We are wanting to obtain baseline charting on all patients. When do you and or the ADA recommend this to be done (at what age)? Also, when does this become a D0180..if they have 4's and or signs such as smoking and/or diabetes?
Karen, this is a good question for which the correct answer involves clinical judgment per case. The ADA does not give a specific age-related recommendation for full-mouth charting. In some cases you may have a 12 year old with a full dentition and signs of gingival inflammation in which a full periodontal charting should be performed, and in other cases a 12 year old may present with a mixed dentition with little or no gingival inflammation. As a practice guideline, what I recommend, is within two years of presenting with a full dentition, patients should have baseline periodontal charting recorded, unless evidence of gingival inflammation presents sooner. For some, this may be 11 years old and for others it could be 16. Clinical judgment is the key but you do need to establish your own practice guideline for baseline charting. The AAP recommends annual periodontal charting/evaluation on all adult patients. Legal age considered for adulthood would be 18, but in many cases waiting until that age for the first periodontal chart to be recorded, a clinician will find themselves overlooking / documenting active infection.
Regarding D0180, again clinical judgment is required. D00180 can be performed on both new and existing patients, and even though often used in specialty periodontal practices; can also be used in general practices. The reason D0180 exists is to reflect that extra time and expertise is required to comprehensively evaluate the periodontal condition due to clinical evidence and risk factors. In many cases an annual periodontal charting on healthy or periodontally stable patients is included with the Periodic Exam D0120 description, and billed accordingly. The reimbursement for D0180 is HIGHLY variable for payors. In some cases even when reported, it will be reimbursed only at the D0120 amount which is generally a lower fee due to less time involved for data collection. In some cases it may have a “once in a life-time” benefit; or a benefit payable only every 3 years. You would not report the D0150 Comprehensive Oral Evaluation and D0180 on the same date, but rather select one based upon the definitions of the codes for the new or existing patient. You may report D0180 on the same date as the D4910 Periodontal Maintenance, even though payors may convert the benefit to the D1020. I just think it is important for practices to realize the reality regarding how insurance payors reimburse for this code, even though the patient needs what the patient needs!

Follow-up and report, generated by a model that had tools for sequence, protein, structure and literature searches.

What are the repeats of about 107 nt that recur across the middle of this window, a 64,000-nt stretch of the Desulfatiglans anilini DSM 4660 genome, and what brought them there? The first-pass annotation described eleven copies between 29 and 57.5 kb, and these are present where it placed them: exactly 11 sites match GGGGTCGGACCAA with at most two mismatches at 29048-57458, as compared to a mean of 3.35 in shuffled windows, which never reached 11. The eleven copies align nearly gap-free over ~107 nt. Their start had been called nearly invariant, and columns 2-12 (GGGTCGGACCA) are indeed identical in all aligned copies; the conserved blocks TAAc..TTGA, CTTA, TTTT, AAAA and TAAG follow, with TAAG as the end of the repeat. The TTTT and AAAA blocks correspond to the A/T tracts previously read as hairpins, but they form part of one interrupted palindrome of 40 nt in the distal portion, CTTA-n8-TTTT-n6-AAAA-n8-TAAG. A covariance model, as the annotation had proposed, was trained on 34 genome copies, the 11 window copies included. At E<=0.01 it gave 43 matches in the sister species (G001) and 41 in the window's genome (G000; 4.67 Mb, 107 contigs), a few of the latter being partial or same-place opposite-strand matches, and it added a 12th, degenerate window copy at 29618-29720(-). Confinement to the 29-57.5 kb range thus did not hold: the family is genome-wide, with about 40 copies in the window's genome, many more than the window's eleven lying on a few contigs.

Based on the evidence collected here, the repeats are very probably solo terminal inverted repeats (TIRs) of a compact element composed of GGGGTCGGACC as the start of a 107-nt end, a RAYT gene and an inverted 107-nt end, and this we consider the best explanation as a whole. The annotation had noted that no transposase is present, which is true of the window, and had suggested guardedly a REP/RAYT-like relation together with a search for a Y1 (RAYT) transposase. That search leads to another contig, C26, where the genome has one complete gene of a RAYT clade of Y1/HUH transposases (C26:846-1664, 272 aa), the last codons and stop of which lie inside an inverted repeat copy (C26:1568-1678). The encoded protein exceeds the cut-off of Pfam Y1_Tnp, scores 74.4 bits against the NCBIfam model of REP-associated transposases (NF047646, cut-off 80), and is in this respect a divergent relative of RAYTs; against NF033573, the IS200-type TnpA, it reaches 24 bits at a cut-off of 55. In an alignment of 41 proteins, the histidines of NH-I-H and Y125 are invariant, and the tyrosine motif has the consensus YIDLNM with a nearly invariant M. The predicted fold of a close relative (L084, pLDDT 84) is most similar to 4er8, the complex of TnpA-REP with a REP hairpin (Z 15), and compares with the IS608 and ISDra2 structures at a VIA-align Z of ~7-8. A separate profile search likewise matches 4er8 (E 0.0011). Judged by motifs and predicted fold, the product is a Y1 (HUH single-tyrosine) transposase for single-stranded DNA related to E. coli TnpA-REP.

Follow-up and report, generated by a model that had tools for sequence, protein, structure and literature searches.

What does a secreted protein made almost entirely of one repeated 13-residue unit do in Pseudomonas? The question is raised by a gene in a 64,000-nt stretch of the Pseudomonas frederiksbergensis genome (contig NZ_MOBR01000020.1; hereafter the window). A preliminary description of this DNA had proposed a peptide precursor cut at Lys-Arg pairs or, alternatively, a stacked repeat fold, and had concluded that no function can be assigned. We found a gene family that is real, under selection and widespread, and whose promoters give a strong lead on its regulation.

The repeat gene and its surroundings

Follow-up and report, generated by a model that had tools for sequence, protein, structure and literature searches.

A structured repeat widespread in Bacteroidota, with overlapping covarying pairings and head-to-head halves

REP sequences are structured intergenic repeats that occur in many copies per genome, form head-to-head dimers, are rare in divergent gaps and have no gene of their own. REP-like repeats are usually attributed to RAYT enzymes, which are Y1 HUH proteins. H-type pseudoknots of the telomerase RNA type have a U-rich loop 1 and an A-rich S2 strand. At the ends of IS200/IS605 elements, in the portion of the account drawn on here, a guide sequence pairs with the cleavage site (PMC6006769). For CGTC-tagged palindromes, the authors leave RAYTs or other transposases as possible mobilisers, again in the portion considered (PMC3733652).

There is no specific guideline given to dentists or dental hygienists about when to use the D0180 in practice, but I can offer some considerations for implementation. Upon the first new patient visit to the office either D1050 or D0180 should be used. If D0180 is used initially, you will most likely want to perform an annual D0180 on these patients following any periodontal therapy and it could be included during the D4910 periodontal maintenance. If, during the course of care on existing patients the clinician needs more time to perform a comprehensive periodontal evaluation either to diagnose the condition accurately or to monitor the periodontal status, the patients can be re-scheduled with the dental hygienist for D0180 to collect all data, and the dentist can confirm the diagnosis and treatment plan. I have seen some practices alternate D0120 w/o recording comprehensive periodontal evaluations with D0180 when it is all documented for all periodontal maintenance patients; but again, reimbursement for this code is highly variable. I suggest that all of the dental hygienists and dentists in your practice discuss your own parameters of how you wish to take advantage of using this code on your patients since there is not a hard/fast rule that applies to every situation.